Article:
Updates from Capitol Hill

capitol

The Justice Center’s government affairs team works to promote the priorities of CSG members and their partners on Capitol Hill and with the executive branch. Legislative services include educating policymakers on complex criminal justice issues and communicating project findings to legislators that can be applied to policymaking and new practices. The team collaborates with experts from a wide range of disciplines and from all branches of government to ensure that policy and legislative recommendations are practical and based on sound data.

Second Chance Reauthorization Act Introduced in U.S. House

Second Chance Reauthorization Act Introduced in U.S. House

U.S. Reps. Jim Sensenbrenner (R-WI) and Danny K. Davis (D-IL) recently introduced the bipartisan Second Chance Reauthorization Act of 2015, which will allow pivotal investments in strategies to reduce recidivism and increase public safety to continue to be made for an additional four years.

Obama Supports ‘Second Chances’ for People Convicted of Nonviolent Offenses

Obama Supports ‘Second Chances’ for People Convicted of Nonviolent Offenses

After commuting the sentences of 46 people convicted of nonviolent drug crimes earlier in the week, President Barack Obama said in a major speech on July 14 at the NAACP that it was time to reduce sentences for people convicted of nonviolent crimes generally and to invest in helping formerly incarcerated people reenter society.

The Second Chance Act (Fact Sheet)

The Second Chance Act (Fact Sheet)

Nearly all of the 1.6 million individuals incarcerated in the U.S. will be released at some point. Individuals returning to their communities from prison or jail have complex challenges and needs that contribute to the likelihood that they may return to incarceration.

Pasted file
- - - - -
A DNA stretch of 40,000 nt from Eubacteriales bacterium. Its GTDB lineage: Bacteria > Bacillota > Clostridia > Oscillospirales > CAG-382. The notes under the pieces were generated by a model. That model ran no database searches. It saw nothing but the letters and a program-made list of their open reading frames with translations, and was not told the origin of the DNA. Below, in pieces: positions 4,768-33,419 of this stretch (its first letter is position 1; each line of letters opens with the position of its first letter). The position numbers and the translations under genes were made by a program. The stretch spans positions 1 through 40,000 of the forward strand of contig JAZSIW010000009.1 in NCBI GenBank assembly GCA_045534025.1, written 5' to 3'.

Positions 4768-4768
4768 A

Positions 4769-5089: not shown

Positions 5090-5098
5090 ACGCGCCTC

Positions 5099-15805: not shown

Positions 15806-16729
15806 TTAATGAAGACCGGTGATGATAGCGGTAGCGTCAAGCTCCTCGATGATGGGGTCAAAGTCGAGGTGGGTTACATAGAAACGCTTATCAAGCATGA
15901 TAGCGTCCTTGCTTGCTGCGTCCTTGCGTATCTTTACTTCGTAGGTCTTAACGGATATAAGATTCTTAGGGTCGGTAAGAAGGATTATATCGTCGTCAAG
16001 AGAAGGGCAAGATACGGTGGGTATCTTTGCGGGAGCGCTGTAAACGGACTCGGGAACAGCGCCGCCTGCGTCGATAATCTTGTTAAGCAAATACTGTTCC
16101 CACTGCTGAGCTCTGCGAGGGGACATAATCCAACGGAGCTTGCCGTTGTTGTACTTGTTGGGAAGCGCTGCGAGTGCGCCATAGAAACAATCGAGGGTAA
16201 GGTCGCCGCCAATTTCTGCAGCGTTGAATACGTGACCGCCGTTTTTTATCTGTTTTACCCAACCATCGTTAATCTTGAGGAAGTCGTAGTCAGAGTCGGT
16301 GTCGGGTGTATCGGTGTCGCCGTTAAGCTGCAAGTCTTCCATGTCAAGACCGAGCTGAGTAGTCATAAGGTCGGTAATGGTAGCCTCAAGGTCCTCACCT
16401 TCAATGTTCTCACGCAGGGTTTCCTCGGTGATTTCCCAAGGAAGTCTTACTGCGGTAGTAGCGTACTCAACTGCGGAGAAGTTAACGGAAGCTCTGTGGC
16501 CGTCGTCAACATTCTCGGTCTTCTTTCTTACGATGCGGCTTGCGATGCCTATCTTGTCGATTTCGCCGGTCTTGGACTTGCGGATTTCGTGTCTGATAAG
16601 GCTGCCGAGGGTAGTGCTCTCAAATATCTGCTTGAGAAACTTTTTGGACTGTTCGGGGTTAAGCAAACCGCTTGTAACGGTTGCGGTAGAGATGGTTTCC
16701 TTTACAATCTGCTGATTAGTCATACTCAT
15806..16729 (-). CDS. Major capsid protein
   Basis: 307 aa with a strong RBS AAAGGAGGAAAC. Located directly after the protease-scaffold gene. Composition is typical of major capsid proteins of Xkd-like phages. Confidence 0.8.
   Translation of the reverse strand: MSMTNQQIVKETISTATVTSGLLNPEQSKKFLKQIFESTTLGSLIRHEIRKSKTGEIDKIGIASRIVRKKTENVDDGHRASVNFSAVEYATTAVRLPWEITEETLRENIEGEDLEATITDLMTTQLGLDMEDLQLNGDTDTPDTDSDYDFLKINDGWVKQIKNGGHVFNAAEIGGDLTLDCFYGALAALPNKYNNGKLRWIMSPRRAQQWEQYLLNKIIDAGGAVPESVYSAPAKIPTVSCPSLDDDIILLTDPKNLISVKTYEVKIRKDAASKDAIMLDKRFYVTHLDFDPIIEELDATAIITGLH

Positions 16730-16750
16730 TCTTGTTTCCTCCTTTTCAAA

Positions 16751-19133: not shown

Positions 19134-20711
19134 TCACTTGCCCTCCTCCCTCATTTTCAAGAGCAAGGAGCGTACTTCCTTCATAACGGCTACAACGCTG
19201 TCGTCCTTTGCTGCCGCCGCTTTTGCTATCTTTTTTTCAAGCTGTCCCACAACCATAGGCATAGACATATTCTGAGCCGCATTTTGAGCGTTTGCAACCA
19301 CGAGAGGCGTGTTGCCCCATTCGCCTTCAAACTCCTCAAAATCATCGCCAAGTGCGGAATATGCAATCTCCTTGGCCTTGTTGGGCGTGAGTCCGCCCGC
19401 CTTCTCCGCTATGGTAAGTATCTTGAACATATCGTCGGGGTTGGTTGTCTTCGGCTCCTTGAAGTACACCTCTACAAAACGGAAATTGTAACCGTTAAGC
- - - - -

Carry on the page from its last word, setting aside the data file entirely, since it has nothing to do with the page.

Bill to Fund Key Justice Programs Advances out of Senate Appropriations Committee

Bill to Fund Key Justice Programs Advances out of Senate Appropriations Committee

On the heels of the U.S. House of Representatives’ approval of the FY2016 Commerce, Justice, and Science Appropriations Bill, the Senate Appropriations Committee has passed a $51.1 billion spending bill that would fund three key programs championed by the Council of State Governments Justice Center: the Second Chance Act, the Mentally Ill Offender Treatment and Crime Reduction Act, and the Justice Reinvestment Initiative.

Second Chance Reauthorization Act Introduced in the Senate

Second Chance Reauthorization Act Introduced in the Senate

In an extraordinary display of bipartisan cooperation, Senators Rob Portman (R-OH) and Patrick Leahy (D-VT) introduced the Second Chance Reauthorization Act, which will expand upon the success of the original Second Chance Act by continuing, improving, and consolidating its programs.

Fact Sheets

The Second Chance Act (Fact Sheet)

The Second Chance Act (Fact Sheet)

Nearly all of the 1.6 million individuals incarcerated in the U.S. will be released at some point. Individuals returning to their communities from prison or jail have complex challenges and needs that contribute to the likelihood that they may return to incarceration.

The Mentally Ill Offender Treatment and Crime Reduction Act (Fact Sheet)

The Mentally Ill Offender Treatment and Crime Reduction Act (Fact Sheet)

A 2006 Department of Justice study showed that approximately 45 percent of federal inmates, 56 percent of state inmates,and 64 percent of jail inmates displayed symptoms or had a history of a mental disorder; among female inmates in state prisons, the rate was nearly three out of four.

Leahy, Portman Reintroduce Bill to Support Ex-Offenders and Reduce Crime

U.S. Senator Patrick Leahy (D-Vt.) joined with Senator Rob Portman (R-Ohio) Thursday to introduce a strengthened version of their earlier bipartisan legislation to reauthorize the Second Chance Act, a law that supports state and local reentry programs to reduce recidivism and provide those leaving prison with real opportunities to rebuild their lives after they are released.

Jails Are No Substitute for a Mental Health System

Using our criminal justice system as a substitute for a fully functioning mental health system doesn’t make sense. It doesn’t make sense for law enforcement officers, who often put their lives at risk when they are called upon to intervene in a mental health crisis. It doesn’t make sense for courts, which are inundated with cases involving people with mental illness. It doesn’t make sense for people who have mental health conditions, who often would benefit more from treatment and intensive supervision.